Breyten Breytenbach

Breyten Breytenbach
Celebrated poet, author, artist, essayist, and activist Breyten Breytenbach was born in 1939 in the Western Cape and studied Fine Arts at the University of Cape Town, before leaving the country in 1959. His literary debut Catastrophes (1964), a volume of stories, was followed by The Iron Cow Must Sweat . The latter was awarded the APB literary prize (one of over twenty prizes awarded over his career), which Breytenbach refused to receive after his wife, who was of Vietnamese origin, was denied a South African visa under the Apartheid government’s Mixed Marriages Act.

Breytenbach worked as political activist from the 1960s onwards, drawing international attention to the human rights violations and injustices of the Apartheid government, and collaborating closely with UNESCO and the ANC. In 1975, on an “illegal” visit to South Africa to make contacts with activists and trade unionists, he was arrested, charged under the Terrorism Act and jailed for seven years. Released from prison in 1982, due to massive international pressure, he left for Paris where he obtained French citizenship.

Breytenbach’s prison memoir, The True Confessions of an Albino Terrorist (1983), is widely recognized as a South African classic and has been translated into several other languages.

In 1987, he helped to organize the historic Dakar Conference in Senegal where exiled ANC members met with influential South Africans to pave the way towards a democratic South Africa . Breytenbach, who was part of the team that started the Centre for Creative Arts, has also held numerous visiting professor posts, including University of Natal, Princeton University, New York University and the University of Cape Town, and has also been awarded honorary doctorates by the University of Cape Town and the University of Natal .

He co-founded and is currently the director of the Goree Institute. The institute aims to strengthen democratic processes, the autonomy of civil societies and cultural research and expression in Africa .

Breytenbach’s prison memoir, The True Confessions of an Albino Terrorist (1983), is widely recognized as a South African classic and has been translated into several other languages.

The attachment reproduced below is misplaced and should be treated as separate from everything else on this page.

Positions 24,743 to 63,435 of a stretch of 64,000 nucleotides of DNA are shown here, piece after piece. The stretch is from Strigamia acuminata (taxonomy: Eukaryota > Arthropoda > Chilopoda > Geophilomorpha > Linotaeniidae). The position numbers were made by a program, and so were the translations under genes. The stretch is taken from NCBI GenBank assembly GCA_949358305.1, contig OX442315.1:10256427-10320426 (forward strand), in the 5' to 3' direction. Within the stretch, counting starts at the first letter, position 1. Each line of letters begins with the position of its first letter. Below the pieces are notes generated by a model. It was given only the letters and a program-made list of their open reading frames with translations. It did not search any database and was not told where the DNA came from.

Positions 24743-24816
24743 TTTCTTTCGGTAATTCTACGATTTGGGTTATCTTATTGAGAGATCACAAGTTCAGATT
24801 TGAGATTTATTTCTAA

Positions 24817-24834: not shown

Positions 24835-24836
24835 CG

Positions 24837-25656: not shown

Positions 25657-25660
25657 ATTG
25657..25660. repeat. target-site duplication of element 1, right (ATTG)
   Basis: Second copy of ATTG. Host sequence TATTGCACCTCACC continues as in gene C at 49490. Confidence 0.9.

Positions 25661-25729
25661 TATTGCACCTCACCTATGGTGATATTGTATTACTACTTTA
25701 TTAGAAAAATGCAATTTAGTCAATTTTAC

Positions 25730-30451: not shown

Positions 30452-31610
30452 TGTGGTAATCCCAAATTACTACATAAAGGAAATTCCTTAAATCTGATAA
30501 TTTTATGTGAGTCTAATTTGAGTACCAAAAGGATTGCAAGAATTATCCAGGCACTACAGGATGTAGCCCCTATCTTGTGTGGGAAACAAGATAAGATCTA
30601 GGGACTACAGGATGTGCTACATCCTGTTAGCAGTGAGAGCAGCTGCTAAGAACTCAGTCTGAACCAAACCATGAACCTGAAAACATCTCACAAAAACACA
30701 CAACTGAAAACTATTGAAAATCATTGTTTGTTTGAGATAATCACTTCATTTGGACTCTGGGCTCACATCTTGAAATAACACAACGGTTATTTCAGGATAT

Breyten Breytenbach reading New York September 12, 2001
© Breyten Breytenbach
Video © Marion Kelly

“Breytenbach’s writing… has always been marked by a combination of Kafkaesque scepticism and a celebration of life; images connect surreal worlds to the harsh and brutal realities of apartheid, magical realism to critical realism. His is not the direct ideological onslaught nor the quick and easy answer, but the delicate scalpel of a neurosurgeon constantly engaged in a search for the mad spots on the brain of the human species.” Douglas Killam and Ruth Rowe

Breyten Breytenbach reads for The Parlour Review

Selected Bibliography

A Veil of Footsteps, Human and Rousseau, 2008

Intimate Stranger, A Writing Book (Intieme Vreemde), Podium, 2006

Le coeur-chien. A travel memoir, Actes Sud, 2005

Die Ongedanste Dans, Human and Rousseau, 2005

Cadavre Exquis, Rodopi, 2005

Word Work ( Woordwerk ), Human and Rousseau, 1999

Die Toneelstuk, Human and Rousseau, 1999

Dog Heart . A travel memoir, Faber and Faber, 1998

The Memory of Birds in Times of Revolution, Harcourt,1996

Return to Paradise, Faber and Faber, 1992

All One Horse, Taurus,1989

Memory of Snow and of Dust, Farrar, Straus & Giroux 1987

The True Confessions of an Albino Terrorist, Farrar, Straus & Giroux, 1983

A Season in Paradise ( Een seizoen in het paradijs ), Perskor,1980

The Anthill Bloats… (Die miernes swel op…), Emmarentia, 1980

To Fly (Om te vlieg), Buren, 1971

Catastrophes (Katastrofes), Human and Rousseau,1964

Image and Text Time of the Writer Festival 2008

Breyten Breytenbach at Wikipedia

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